The affordance-based robot control architecture has provided a proof-of-concept implementation of how the formalism can be implemented and used in real-world. The experimental results obtained from partial implementations of the architecture has also provided convincing examples that the approach generates results that are beyond the current state-of-the-art in the field.

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5b. Representation for deliberation and planning:

AI has envisaged for a long time robots acting as aided by symbolic plans, which are generated on the fly by state-of-the-art action planners. However, plan-based robot control has turned out to be difficult; one bag of problems associated with it is anchoring of objects in sensor data and of plan operators in physical action at execution. Using affordances as a first-class citizen in the control architecture has shed some new light upon the problem. Whenever the planner's symbolic domain representation can be made to include actions that correspond to affordances (like, e.g., a 'lift' action in the MACS scenario, derived from the 'liftability' affordance), then grounding its execution comes practically for free. The same is true for representations of affordances that appear in the preconditions of symbolic actions: Determining their validity at execution means to attend to the respective affordance.

As a result from our study, it turns out that affordance-based and plan-based control appear to be easy fellows in a joint robot control architecture. This is not too surprising, given that they both deal with action, under different perspectives. We are not aware, however, that this has been explored in robotics.

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5c. Perception:

Affordance perception has been considered so far only in the frame of functional object recognition and in the context of action based perception. A key aspect that has been neglected in previous approaches is the novel type of generalisation that refers to the interaction of an agent with parts of its environment. Visual features should not be selected by the engineer but should be extracted for their relevance to predict opportunities for action. For this purpose we considered in MACS numerous types of 2D and 3D features and demonstrated that machine learning methodology can determine a meaningful selection of features that generalise across various appearances while they at the same time characterise a specific physical property which can be exploited in the predicted interaction. A particular contribution in MACS is not only to argue but also to verify that affordances are not associated to objects - a notion which is derived from an ontology that is grounded in human perception - but can be related to arbitrary chunks of information, such as visual regions, that possess a predictive nature in estimating future outcomes of an agent's interaction with the world and its physical properties. The predictive nature of affordance cues requires to perform feature selection with respect to the goal-directedness of behaviours, the relevance of the outcome: irrelevant outcomes of actions are negligible for the agent and therefore negligible for perception. Consequently we introduced a framework of feature selection and extraction in the context of the utility of actions through the association of behaviours to reward functions, rendering classification of features impacted by utility instead of identity as it is done in classical recognition frameworks. The investigations performed in MACS contributed to pave the way for a new understanding of machine perception, moving away from manual labelling of image databases towards the autonomous emergence of symbols that are grounded in sensory-motor interactions with the real world and the associated relevance for the agent.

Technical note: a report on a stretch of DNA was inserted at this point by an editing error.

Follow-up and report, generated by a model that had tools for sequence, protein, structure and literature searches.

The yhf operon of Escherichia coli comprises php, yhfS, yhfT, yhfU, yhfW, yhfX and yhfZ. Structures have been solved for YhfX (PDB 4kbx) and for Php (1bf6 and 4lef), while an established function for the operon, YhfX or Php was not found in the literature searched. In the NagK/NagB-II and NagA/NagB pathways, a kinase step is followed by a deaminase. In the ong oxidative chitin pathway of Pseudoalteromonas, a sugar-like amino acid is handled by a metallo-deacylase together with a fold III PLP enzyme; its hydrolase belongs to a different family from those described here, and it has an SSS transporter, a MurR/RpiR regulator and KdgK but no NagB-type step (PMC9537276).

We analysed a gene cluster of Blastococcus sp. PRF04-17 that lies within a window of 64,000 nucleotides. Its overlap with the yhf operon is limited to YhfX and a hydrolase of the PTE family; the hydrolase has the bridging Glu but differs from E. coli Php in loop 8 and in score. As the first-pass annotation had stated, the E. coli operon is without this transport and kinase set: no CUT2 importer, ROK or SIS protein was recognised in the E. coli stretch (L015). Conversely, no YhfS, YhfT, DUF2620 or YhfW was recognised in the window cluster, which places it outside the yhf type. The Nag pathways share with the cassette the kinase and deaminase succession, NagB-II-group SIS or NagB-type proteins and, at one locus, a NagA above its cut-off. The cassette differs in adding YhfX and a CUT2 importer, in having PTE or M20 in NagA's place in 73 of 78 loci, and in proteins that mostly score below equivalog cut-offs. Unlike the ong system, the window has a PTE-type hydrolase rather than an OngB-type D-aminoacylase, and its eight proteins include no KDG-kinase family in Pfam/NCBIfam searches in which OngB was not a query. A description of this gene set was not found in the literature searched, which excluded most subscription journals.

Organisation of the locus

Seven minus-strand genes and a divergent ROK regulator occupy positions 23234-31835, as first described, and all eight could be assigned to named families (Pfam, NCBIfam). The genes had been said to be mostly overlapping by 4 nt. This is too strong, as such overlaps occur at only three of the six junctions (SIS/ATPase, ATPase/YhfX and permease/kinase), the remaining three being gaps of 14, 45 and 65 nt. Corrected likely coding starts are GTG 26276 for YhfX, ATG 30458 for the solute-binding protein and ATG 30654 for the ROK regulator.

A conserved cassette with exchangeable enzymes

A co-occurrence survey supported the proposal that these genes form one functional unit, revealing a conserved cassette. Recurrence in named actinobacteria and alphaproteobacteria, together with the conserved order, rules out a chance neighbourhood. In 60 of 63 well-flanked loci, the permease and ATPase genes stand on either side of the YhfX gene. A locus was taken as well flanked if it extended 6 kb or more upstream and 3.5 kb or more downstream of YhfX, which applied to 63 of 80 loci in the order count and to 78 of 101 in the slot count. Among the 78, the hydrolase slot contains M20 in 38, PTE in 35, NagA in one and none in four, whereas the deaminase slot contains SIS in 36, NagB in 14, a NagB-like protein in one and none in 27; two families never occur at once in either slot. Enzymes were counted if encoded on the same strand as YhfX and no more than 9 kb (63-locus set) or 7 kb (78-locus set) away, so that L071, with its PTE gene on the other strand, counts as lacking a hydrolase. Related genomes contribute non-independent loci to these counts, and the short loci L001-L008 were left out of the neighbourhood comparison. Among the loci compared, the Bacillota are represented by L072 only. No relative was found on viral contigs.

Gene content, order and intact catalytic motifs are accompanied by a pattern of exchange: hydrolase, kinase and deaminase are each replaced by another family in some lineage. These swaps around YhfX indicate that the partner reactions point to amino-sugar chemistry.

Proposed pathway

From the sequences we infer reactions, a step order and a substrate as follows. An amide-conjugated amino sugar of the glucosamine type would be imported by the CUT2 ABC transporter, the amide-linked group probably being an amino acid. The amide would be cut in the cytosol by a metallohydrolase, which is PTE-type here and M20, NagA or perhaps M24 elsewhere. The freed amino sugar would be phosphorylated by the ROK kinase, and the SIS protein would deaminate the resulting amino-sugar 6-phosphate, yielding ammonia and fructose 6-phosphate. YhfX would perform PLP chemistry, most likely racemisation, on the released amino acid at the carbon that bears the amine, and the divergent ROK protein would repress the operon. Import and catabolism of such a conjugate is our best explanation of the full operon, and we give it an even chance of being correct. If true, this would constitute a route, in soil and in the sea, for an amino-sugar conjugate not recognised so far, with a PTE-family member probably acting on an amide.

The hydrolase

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5d. Learning:

The learning approach that was developed within MACS and used in the Learning Module of the architecture is an approach to acquire knowledge about relations that determine the interaction possibilities between an agent and its environment. Affordances are thus represented in form of entity-action-outcome triples and thus refer to both, the agent (its capabilities) and its environment, as initially claimed by Gibson. In our work we describe how an artificial agent, starting with basic interactions and using more and more complex interactions, acquires this knowledge by using its gathered experience. These experiences are generalized by the agent, enabling it to act also in novel situations.